T cells bearing alphabeta T-cell receptors (TCRs) are selected by a subset of peptide-laden major histocompatibility (pMHC) molecules in the thymus and in the periphery and therefore are restricted to recognising host or self MHC molecules. Nevertheless, T cells are inherently cross-reactive and often react with foreign allogeneic MHC molecules (direct T-cell alloreactivity), manifested clinically as organ transplant rejection. Although the basis of T-cell alloreactivity has remained a puzzle to immunologists for decades, studies on alloreactive TCRs have begun to shed light on the basic mechanisms underpinning this mistaken identity . Here we review recent advances in the field, focusing on structural and cellular studies, showing that alloreactivity may sometimes result from cross-reactivity without molecular mimicry and at other times may result directly from TCR interactions with allogeneic pMHC surfaces that mimic the cognate ligand.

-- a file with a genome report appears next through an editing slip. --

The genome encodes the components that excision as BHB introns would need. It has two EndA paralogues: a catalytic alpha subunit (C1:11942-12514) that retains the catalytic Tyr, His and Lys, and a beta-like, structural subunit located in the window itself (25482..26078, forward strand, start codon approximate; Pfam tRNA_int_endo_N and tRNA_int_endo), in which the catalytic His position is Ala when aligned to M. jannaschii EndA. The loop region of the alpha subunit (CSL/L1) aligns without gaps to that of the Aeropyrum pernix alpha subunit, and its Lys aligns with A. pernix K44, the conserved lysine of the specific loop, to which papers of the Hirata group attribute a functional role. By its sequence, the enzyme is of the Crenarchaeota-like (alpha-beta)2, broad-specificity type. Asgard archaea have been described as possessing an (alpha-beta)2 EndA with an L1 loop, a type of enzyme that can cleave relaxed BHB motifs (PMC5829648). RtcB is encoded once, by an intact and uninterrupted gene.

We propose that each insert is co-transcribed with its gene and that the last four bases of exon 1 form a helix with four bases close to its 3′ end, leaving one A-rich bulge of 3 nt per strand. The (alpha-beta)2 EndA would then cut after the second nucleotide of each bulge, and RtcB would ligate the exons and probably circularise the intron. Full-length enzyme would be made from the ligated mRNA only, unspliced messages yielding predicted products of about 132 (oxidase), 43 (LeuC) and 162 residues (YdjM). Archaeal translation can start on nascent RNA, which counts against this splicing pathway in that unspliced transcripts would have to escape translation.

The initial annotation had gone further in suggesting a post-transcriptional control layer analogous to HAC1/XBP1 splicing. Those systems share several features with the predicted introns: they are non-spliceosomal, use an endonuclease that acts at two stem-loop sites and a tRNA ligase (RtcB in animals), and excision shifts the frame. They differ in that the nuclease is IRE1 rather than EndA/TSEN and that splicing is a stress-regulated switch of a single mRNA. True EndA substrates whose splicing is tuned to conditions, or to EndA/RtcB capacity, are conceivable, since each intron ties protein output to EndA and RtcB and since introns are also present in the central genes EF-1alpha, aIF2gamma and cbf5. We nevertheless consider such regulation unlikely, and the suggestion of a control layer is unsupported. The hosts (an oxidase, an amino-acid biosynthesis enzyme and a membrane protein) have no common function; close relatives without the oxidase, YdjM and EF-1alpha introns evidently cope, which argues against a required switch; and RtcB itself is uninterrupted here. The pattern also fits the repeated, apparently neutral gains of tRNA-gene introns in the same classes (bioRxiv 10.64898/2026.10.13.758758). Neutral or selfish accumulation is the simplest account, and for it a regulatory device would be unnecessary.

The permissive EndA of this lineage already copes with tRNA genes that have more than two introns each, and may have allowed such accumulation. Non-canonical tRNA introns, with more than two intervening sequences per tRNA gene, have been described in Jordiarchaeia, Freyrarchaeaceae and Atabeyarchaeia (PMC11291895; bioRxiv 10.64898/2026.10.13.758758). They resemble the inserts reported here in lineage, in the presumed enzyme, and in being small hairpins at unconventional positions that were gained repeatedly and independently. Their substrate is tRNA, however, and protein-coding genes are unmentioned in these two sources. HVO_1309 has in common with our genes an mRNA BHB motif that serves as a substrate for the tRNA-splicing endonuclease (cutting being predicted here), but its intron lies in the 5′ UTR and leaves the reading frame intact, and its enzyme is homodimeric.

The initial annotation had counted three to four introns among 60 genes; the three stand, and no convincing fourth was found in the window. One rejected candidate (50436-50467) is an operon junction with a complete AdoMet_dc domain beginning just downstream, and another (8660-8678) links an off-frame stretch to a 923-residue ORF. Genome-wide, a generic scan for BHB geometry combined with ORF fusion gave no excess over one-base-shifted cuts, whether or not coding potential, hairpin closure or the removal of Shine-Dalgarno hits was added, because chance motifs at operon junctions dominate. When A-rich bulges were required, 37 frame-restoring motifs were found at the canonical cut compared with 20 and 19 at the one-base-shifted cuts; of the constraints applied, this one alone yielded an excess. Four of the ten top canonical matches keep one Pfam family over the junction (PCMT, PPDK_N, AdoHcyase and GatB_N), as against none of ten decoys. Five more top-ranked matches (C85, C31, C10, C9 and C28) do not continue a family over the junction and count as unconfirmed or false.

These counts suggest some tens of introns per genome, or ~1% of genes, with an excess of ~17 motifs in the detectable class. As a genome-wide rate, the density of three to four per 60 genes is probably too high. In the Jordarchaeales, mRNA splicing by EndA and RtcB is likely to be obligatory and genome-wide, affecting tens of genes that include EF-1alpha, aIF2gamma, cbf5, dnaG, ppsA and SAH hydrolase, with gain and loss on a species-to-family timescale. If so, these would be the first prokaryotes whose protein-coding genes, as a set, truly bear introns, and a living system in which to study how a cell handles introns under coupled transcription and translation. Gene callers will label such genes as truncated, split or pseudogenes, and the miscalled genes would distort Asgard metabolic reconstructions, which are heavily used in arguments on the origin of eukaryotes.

|Pages (from-to)||220 - 226|
|Number of pages||7|
|Journal||Trends in Immunology|
|Publication status||Published - 2008|